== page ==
Motorace USA / Traverse USA / Zippy Race

Motorace USAThe Game: As the lone motorcyclist in a cross-country car race, you have to dodge your opponents at high speed, one two-ton vehicle at a time. You drive through city streets, highways, and through the rough desert, trying to reach See the videoyour goal without running out of gas or getting splattered across the asphalt. (Williams Electronics [under license from IREM], 1983)

Memories: Whatever you called it, this was one of my favorite driving/racing games, combining the best elements of both maze games and scrolling obstacle course games, and handling things differently from the Pole Position and Turbo formula which dominated this particular genre at the time. Continue reading

Tapper

TapperSee the videoThe Game: As a beleaguered bartender, you have to serve drinks to an endless onslaught of bar patrons, never allowing them to reach the end of the bar. You must also pick up empty glasses as they slide back toward you, and you can also grab a tip whenever one briefly appears. Clearing the screen of all pixellated hardened drinkers takes you to the next screen, and other scenarios, including outdoor sporting events. (Bally/Midway, 1983)

Memories: Tapper was easily one of the most controversial games of its time. Originally conceived as a game which would be sold only to bars, it was also one of the first video game product placements for something other than a movie (i.e. Atari’s Star Wars and Bally/Midway’s own wildly successful Tron). Midway’s marketing department approached Budweiser about the possibility of sponsoring the game, in exchange for which the Bud logo would be ubiquitous on the game’s artwork and in its on-screen graphics. Continue reading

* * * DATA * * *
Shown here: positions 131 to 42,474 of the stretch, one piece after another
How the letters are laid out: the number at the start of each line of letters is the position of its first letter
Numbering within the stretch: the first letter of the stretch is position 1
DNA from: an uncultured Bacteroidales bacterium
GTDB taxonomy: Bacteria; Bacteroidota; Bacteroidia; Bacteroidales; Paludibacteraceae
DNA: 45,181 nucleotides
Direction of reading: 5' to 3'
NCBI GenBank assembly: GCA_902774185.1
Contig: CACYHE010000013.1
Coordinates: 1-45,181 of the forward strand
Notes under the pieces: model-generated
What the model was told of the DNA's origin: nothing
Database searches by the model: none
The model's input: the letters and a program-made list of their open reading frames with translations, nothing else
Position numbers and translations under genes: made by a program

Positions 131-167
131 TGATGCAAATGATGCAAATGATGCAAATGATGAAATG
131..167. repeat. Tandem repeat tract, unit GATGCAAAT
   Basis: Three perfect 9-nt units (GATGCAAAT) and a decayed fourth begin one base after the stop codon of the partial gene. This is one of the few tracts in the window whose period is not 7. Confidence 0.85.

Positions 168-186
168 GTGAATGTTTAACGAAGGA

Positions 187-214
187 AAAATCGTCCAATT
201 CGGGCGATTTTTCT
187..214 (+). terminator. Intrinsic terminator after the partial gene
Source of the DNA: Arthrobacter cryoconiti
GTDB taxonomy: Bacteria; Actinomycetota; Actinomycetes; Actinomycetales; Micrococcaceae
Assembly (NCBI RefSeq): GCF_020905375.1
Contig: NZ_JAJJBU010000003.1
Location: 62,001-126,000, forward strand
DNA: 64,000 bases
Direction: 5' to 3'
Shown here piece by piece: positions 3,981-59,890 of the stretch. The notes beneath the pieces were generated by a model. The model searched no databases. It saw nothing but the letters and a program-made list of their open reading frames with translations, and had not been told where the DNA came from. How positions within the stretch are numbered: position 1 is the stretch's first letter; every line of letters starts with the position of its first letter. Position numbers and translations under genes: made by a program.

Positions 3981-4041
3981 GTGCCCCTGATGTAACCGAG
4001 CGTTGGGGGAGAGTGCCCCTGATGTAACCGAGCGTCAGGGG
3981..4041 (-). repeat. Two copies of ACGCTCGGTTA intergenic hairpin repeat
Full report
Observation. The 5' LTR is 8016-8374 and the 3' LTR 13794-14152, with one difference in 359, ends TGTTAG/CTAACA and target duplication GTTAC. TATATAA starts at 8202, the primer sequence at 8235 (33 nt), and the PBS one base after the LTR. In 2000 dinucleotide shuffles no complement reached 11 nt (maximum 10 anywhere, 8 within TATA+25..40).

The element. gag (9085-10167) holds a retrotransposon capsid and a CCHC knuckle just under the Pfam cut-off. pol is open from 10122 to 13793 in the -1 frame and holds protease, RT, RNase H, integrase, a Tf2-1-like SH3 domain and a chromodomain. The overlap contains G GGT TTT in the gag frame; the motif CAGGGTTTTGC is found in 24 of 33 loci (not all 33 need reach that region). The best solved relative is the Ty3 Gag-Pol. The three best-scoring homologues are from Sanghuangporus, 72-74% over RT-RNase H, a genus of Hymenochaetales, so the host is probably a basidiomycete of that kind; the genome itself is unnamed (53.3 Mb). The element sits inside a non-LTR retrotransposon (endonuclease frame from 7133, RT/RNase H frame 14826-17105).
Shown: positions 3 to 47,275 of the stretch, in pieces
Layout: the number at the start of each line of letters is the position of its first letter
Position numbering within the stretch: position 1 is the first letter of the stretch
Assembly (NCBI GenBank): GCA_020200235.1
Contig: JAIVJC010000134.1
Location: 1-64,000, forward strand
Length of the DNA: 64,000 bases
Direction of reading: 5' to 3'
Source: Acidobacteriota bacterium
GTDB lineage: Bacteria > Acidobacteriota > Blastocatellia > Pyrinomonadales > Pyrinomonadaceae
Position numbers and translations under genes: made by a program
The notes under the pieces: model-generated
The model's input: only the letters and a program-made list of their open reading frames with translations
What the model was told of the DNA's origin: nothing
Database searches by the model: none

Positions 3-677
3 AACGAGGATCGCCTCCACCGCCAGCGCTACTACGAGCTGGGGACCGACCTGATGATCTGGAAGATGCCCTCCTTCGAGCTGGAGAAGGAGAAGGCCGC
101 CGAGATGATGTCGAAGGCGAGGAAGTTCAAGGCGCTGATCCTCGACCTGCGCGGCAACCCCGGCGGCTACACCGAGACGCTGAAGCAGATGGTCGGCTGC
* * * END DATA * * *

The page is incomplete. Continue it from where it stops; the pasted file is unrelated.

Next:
Tropical Angel

Tropical AngelThe Game: You’re a water-skiing bikini babe who’s trying to stay above water; the problem is that the water’s full of rocks that can cause you to take a painful tumble if you hit them, and the even bigger problem is that the guy driving the boat that’s pulling you along seems to have it in for you! The boat seems to be deliberately See the videotrying to pull you into harm’s way, and only fast joystick work and a sharp eye will keep you from winding up on the rocks. (IREM, 1983)

Memories: Man, whoever’s pulling that boat is just a misanthropic jerk. If you imagine that there’s a Tron-like world beyond the screen, I can only hope that the bathing-suited honey in this game finds herself a better boat driver after the game’s over. Continue reading

Track & Field

Track & FieldBuy this gameThe Game: It’s time for the 1984 Olympics! Qualify and compete in such events as the 100-meter dash, the long jump, javelin throw, and the shot-put. (Konami, 1983)

Memories: Though the above summary of Track & Field may seem unjustly short, that really summed up the game, which was actually quite fun, especially if you could get a second player to compete against you at the same time. Very rarely have I given a sports game the time of day unless it was a good one (such as Atari’s Pole Position) or a game so goofy that it transcended its genre (i.e. the hilarious Odyssey2 Computer Golf! cartridge). Track & Field was a true rarity – a decent sports game. Continue reading

Tac-Scan

Tac-ScanThe Game: Commanding a fleet of ships, you use their combined firepower to wipe out an onslaught of alien ships (which, perhaps not at all surprisingly, are firing back at you). It only takes one hit to lose one of your own fleet, and when your fleet is completely wiped out, the game is over. Until then, do as much damage to the enemy armada as you can. (Sega, 1983)

Memories: I always had a certain fascination for the arcade game that inspired this somewhat hard-to-find 2600 cartridge, but it seems to have lost something in the translation…oh yes, the split-second control required to play the bloody thing, that’s it. Somewhere in the definition of “frustration” must be “playing Tac-Scan on the Atari 2600.” Continue reading